DENVER – The Pepsi Center must feel like home to the Minnesota Wild. It's a good thing, too, considering how poorly the team has been playing on the road in recent weeks.
With the eighth and final playoff place in the Western Conference on the line Tuesday night in the teams' final contest before the NHL All-Star Game, the Wild ended an 11-game road winless streak – one short of the franchise record -- with a 3-2 victory over the Colorado Avalanche.
The victory moved the Wild one point ahead of the Avalanche (55 to 54) into the final playoff position. Minnesota also has two games in hand.
"For sure, it's good," Wild goalie Niklas Backstrom said of his team's first road win since Dec. 10 against Phoenix. "You can't really think about it too much. When you start to think too much, it creeps into your head and instead of just playing hockey, you go out there and play nervous. We tried to do the right things and see what happens. We did a lot of good stuff out there."
Carson McMillan, a 23-year-old rookie who was called up from the minors a week ago, scored on a two-on-none rush at 7:44 of the third period to break a 2-2 tie.
McMillan broke into the Avalanche end with Kyle Brodziak after Avalanche defenseman Shane O'Brien lost the puck in the neutral zone. McMillan fired the puck between goalie Jean-Sebastien Giguere's pads for his first goal in four games this year and his second in eight career games.
"I heard Brodzie yelling at me to go, so I just took off and I couldn't be happier," said McMillan, who was heading off the ice on a line change when the puck came to him. "I was trying to get off and I couldn't, so I just tried to have a good stick and I got a breakaway. I was shocked. I didn't know what I was doing. I just tried to open his legs up and sneak it through. He's a great goalie and he's big and he covers a lot of the net. The puck found a hole."
Giguere faced 34 shots and didn't have much chance to prevent any of the Wild's goals on a night when the Avalanche had seven official giveaways and numerous defensive breakdowns.
"They're difficult plays, but you always have a shot at making saves," Giguere said. "I'm in the business of giving up goals every once in a while, so you just have to roll with the punches and hope that you gave your best effort. I thought (McMillan) was going to deke there. I heard (Brodziak) yell, ‘Go, go,' and it was pretty clear that he was going to go and deke. He did a nice play."
The Pepsi Center was a fitting arena for the Wild to register a road win, even though the Avalanche had won 10 of its previous 12 home games. Minnesota owns Colorado in the building, posting a 9-1-2 record in the past dozen visits.
"It's a fun building to play in, a great place and a great city," said Backstrom, who stopped all 15 shots he faced in the third period after he allowed two goals on 11 shots in the first 40 minutes. "It's tough to play against those guys. I think always it's a one-goal game. It's fun, a big challenge. You look at their skill and you have to be at your best."
The Avalanche, which had 45 shots in a 3-2 loss Sunday in Anaheim, seemed flustered at its inability to mount much of an attack against the Wild until falling behind in the third period. It didn't help that leading scorer Ryan O'Reilly became ill after the morning skate and missed his first game of the season.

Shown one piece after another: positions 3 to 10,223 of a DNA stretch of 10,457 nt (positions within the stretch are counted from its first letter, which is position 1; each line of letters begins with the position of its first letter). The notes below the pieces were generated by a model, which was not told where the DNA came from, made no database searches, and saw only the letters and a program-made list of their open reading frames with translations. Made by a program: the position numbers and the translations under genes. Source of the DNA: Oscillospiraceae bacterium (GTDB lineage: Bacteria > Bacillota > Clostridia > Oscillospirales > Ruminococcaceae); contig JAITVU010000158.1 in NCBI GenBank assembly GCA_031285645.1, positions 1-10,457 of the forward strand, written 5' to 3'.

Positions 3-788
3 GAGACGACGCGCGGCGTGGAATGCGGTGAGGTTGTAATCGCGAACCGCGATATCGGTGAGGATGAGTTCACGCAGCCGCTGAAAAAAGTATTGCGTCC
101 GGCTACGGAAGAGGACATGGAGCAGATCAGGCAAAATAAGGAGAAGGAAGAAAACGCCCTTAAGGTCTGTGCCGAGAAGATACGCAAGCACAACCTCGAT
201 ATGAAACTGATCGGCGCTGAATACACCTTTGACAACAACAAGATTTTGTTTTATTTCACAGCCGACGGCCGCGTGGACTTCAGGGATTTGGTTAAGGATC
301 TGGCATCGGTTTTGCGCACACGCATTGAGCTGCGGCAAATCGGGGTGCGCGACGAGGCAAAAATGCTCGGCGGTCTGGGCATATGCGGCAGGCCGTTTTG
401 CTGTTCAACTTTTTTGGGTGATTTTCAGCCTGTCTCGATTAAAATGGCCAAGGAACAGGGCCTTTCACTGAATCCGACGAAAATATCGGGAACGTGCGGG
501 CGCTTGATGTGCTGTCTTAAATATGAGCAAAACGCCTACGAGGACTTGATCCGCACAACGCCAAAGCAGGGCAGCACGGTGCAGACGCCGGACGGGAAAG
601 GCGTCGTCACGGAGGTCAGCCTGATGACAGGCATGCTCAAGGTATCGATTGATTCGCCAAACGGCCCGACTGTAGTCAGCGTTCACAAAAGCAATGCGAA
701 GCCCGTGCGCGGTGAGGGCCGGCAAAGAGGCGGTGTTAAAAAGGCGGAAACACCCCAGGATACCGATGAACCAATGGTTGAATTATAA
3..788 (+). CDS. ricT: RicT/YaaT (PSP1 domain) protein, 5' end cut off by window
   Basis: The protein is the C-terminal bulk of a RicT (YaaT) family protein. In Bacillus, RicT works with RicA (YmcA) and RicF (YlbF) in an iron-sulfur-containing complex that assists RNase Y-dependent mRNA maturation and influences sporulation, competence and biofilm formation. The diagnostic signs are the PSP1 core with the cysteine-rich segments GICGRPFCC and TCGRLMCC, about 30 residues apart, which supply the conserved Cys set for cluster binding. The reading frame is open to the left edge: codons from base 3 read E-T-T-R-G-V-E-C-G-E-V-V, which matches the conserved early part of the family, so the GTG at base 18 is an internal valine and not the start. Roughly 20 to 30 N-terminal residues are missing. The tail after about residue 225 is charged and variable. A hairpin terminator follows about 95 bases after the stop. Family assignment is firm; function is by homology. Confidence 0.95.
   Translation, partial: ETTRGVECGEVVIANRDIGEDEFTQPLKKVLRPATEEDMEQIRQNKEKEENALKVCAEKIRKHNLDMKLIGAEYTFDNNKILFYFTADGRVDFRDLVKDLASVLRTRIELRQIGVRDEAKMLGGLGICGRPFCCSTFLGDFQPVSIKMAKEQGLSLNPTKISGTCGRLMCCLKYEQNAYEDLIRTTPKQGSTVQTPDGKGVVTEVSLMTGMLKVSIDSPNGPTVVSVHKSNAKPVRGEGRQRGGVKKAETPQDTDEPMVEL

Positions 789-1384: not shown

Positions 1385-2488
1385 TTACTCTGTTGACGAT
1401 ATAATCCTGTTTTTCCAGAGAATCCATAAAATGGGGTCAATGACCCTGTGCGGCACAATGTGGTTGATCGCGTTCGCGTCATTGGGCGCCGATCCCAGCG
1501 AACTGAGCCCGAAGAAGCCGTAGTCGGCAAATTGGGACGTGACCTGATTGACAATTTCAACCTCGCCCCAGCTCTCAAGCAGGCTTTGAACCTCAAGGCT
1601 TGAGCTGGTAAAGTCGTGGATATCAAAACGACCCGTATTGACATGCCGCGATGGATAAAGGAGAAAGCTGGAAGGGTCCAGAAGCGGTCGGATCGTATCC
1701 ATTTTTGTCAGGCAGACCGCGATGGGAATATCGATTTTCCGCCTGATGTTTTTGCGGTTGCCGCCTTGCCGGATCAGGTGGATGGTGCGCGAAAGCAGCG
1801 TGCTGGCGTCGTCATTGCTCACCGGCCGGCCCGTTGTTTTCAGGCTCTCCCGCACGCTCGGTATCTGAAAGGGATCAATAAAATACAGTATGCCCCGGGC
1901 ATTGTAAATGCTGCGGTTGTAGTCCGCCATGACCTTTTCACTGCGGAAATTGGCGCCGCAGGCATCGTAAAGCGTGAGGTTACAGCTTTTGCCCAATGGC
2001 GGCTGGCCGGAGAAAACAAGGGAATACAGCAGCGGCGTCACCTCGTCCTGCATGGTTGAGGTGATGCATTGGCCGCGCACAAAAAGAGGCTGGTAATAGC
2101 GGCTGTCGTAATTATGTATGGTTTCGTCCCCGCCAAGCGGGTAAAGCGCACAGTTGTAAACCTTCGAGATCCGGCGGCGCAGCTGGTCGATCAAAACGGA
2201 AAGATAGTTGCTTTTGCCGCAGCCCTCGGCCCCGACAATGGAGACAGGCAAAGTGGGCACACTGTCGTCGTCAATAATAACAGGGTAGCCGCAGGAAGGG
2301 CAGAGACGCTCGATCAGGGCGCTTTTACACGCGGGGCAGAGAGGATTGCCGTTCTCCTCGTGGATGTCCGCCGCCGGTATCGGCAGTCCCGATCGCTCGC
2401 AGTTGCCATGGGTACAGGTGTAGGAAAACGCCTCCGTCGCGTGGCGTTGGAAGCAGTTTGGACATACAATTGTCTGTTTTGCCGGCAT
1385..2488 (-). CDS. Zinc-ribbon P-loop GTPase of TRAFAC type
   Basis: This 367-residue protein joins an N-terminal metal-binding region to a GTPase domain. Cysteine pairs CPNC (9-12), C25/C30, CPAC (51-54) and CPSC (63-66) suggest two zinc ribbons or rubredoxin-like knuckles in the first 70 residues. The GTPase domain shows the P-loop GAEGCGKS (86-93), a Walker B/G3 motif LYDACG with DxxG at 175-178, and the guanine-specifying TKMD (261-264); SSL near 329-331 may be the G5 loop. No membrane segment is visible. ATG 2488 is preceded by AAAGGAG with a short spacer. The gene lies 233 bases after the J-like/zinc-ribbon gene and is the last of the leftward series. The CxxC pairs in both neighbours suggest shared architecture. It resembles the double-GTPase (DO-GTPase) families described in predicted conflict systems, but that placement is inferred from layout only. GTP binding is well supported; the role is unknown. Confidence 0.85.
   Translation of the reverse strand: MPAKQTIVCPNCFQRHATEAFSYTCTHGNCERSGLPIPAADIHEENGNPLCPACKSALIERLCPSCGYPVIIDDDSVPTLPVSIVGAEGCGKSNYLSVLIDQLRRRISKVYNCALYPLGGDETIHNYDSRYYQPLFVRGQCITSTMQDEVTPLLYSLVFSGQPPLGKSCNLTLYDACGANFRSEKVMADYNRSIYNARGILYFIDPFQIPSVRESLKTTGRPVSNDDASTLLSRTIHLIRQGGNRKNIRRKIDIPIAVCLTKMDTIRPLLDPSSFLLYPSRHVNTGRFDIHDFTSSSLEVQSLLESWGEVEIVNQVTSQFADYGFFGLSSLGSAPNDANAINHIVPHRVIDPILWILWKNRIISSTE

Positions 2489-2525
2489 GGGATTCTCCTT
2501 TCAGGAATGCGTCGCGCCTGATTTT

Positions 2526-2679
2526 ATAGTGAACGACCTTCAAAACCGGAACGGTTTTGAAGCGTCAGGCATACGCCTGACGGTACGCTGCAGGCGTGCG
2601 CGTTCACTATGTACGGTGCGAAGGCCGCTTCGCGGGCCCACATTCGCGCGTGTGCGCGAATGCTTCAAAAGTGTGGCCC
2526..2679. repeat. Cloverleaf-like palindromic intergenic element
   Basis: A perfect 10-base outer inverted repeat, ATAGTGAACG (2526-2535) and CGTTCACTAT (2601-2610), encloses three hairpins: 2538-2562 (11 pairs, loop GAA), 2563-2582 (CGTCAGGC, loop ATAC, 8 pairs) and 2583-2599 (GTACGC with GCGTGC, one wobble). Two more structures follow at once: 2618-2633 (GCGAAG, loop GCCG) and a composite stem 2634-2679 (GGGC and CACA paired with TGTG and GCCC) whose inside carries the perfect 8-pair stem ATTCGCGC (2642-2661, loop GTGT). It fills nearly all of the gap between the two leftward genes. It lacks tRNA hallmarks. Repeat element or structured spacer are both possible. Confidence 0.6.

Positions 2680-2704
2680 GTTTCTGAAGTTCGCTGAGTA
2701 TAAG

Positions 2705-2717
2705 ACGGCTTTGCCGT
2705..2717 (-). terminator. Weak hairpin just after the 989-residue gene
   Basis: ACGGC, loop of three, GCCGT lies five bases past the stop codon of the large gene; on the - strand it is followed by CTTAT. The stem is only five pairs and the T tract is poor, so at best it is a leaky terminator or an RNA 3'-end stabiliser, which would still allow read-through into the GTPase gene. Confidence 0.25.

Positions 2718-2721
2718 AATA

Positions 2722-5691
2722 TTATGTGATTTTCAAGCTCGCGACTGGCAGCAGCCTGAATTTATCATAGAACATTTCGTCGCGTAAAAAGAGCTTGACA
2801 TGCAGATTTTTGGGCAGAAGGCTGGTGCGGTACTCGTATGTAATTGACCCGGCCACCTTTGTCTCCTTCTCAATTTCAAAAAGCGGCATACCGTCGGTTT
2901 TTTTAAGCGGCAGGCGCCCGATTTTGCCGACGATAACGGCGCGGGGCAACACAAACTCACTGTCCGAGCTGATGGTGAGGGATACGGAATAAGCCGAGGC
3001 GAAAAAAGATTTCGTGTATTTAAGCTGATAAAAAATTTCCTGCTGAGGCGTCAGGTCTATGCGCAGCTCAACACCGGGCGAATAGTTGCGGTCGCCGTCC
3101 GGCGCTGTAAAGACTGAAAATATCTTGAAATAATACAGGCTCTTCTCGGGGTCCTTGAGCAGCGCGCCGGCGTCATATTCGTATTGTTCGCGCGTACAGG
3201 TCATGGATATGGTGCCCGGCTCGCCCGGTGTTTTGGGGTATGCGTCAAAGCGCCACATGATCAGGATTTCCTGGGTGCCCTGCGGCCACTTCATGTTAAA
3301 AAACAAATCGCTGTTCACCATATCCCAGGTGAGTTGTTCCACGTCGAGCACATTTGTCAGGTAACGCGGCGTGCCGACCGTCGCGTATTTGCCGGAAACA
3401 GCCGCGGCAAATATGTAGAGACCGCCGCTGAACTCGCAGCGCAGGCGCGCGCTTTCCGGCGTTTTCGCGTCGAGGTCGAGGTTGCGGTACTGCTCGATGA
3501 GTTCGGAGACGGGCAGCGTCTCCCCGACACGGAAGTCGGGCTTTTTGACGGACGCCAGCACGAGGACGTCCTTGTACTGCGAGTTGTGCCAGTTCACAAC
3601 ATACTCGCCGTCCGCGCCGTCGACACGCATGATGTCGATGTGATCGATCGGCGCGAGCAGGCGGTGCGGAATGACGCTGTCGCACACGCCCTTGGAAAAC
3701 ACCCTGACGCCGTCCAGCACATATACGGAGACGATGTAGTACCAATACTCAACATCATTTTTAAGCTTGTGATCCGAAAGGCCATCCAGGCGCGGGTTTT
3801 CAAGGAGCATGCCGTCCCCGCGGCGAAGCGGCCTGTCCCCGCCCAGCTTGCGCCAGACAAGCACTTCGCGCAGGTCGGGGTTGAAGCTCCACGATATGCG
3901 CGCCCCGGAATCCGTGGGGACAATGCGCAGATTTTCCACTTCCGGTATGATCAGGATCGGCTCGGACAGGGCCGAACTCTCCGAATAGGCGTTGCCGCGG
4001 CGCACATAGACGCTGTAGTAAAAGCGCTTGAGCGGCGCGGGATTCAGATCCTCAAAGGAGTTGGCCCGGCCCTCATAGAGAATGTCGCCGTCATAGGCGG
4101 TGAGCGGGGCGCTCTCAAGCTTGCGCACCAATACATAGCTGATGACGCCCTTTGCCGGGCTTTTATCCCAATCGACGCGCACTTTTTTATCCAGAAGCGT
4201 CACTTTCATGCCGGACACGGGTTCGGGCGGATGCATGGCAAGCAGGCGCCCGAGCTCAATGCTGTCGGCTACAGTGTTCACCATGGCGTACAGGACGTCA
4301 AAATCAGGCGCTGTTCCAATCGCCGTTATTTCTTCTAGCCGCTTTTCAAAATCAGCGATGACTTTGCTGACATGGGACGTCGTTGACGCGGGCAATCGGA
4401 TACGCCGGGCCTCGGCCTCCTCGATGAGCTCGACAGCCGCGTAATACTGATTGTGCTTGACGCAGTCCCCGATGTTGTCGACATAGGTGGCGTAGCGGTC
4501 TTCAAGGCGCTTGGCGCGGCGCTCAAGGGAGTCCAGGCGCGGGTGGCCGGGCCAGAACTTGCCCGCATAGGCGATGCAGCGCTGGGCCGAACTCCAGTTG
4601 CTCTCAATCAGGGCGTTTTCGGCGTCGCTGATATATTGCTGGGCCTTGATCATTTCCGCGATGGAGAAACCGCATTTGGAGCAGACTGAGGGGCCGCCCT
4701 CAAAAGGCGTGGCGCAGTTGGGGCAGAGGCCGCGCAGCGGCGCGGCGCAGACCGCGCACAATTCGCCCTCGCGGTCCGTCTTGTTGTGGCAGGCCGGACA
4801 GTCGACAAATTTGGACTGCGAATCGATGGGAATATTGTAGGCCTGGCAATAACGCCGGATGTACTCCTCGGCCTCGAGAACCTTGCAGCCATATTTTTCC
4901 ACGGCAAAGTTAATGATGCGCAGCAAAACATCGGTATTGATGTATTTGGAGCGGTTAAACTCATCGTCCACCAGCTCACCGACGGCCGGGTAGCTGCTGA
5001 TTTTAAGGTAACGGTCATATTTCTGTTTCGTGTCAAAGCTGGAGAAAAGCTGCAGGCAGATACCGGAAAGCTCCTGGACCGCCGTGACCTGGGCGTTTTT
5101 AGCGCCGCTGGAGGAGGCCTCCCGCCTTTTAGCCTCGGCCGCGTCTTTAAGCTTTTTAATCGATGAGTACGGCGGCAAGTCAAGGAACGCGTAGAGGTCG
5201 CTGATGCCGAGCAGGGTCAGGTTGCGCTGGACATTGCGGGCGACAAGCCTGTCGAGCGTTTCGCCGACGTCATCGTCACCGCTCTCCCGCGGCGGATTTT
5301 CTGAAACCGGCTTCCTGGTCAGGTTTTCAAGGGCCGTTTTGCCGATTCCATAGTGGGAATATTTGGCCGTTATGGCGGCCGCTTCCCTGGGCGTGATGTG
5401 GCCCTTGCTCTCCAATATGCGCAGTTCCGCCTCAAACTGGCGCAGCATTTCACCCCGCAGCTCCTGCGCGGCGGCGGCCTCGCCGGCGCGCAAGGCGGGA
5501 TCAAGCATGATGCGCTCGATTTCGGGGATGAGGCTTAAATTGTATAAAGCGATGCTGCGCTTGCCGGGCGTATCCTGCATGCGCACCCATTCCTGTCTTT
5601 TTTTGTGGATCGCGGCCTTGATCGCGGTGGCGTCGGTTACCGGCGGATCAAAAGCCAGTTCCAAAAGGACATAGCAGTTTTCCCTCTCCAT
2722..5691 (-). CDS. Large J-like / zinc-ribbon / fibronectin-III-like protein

"It's a frustrating outcome," Avalanche captain Milan Hejduk said. "It was a huge game. We're battling with them for a playoff spot and we had home-ice advantage and we didn't come up with any points. It was not really our best effort. It felt like we were almost squeezing our sticks too tight or something. We turned the puck over too many times and gave them way too many outnumbered situations and we didn't have enough shots.
"I felt like we were chasing the game all night. We scored the first goal, but they turned the game pretty quick. They're a pretty patient team and we were giving them way too many pucks."
The Avalanche opened the scoring at 4:37 of the first period on a goal by TJ Galiardi, who replaced O'Reilly at center on a line with Gabriel Landeskog and Hejduk. Galiardi skated into the right circle and beat Backstrom high to the short side for his first goal in nine games.
The Wild came back to take a 2-1 lead on goals by Justin Falk and Dany Heatley that came 5:35 apart.
Falk, a 23-year-old defenseman playing in his 54th NHL game, netted his first career goal on a power play at 10:40. Devin Setoguchi passed across to Falk for a shot from the left point that eluded Giguere, who was screened on the play. The Wild had gone 3-for-45 with the man advantage covering parts of 18 games before Falk scored.
"You don't want an ugly one, you want a pretty one," Falk said. "I found myself on the power play and I tried to keep it simple and get some shots through. Fortunately, I was able to pick a corner. I haven't played power play since probably junior. I was shocked when they called for me out there. You look at the standings and these guys were right in front of us. It was just huge to beat these guys in regulation."
Heatley followed at 16:15 after Giguere stopped Brodziak skating in alone. The rebound caromed into the right corner where Brodziak shook off a check by Ryan O'Byrne and passed to Heatley. He was well ahead of the Avalanche defense and fired the puck home for his team-leading 15th goal.
Chuck Kobasew, who spent the previous two seasons with Minnesota, tied the game at 4:46 of the second period. Daniel Winnik, who didn't register a point in the previous eight games, took a shot from high in the left circle and the puck trickled between Backstrom's pads. Kobasew skated in front and poked the loose puck across the goal line.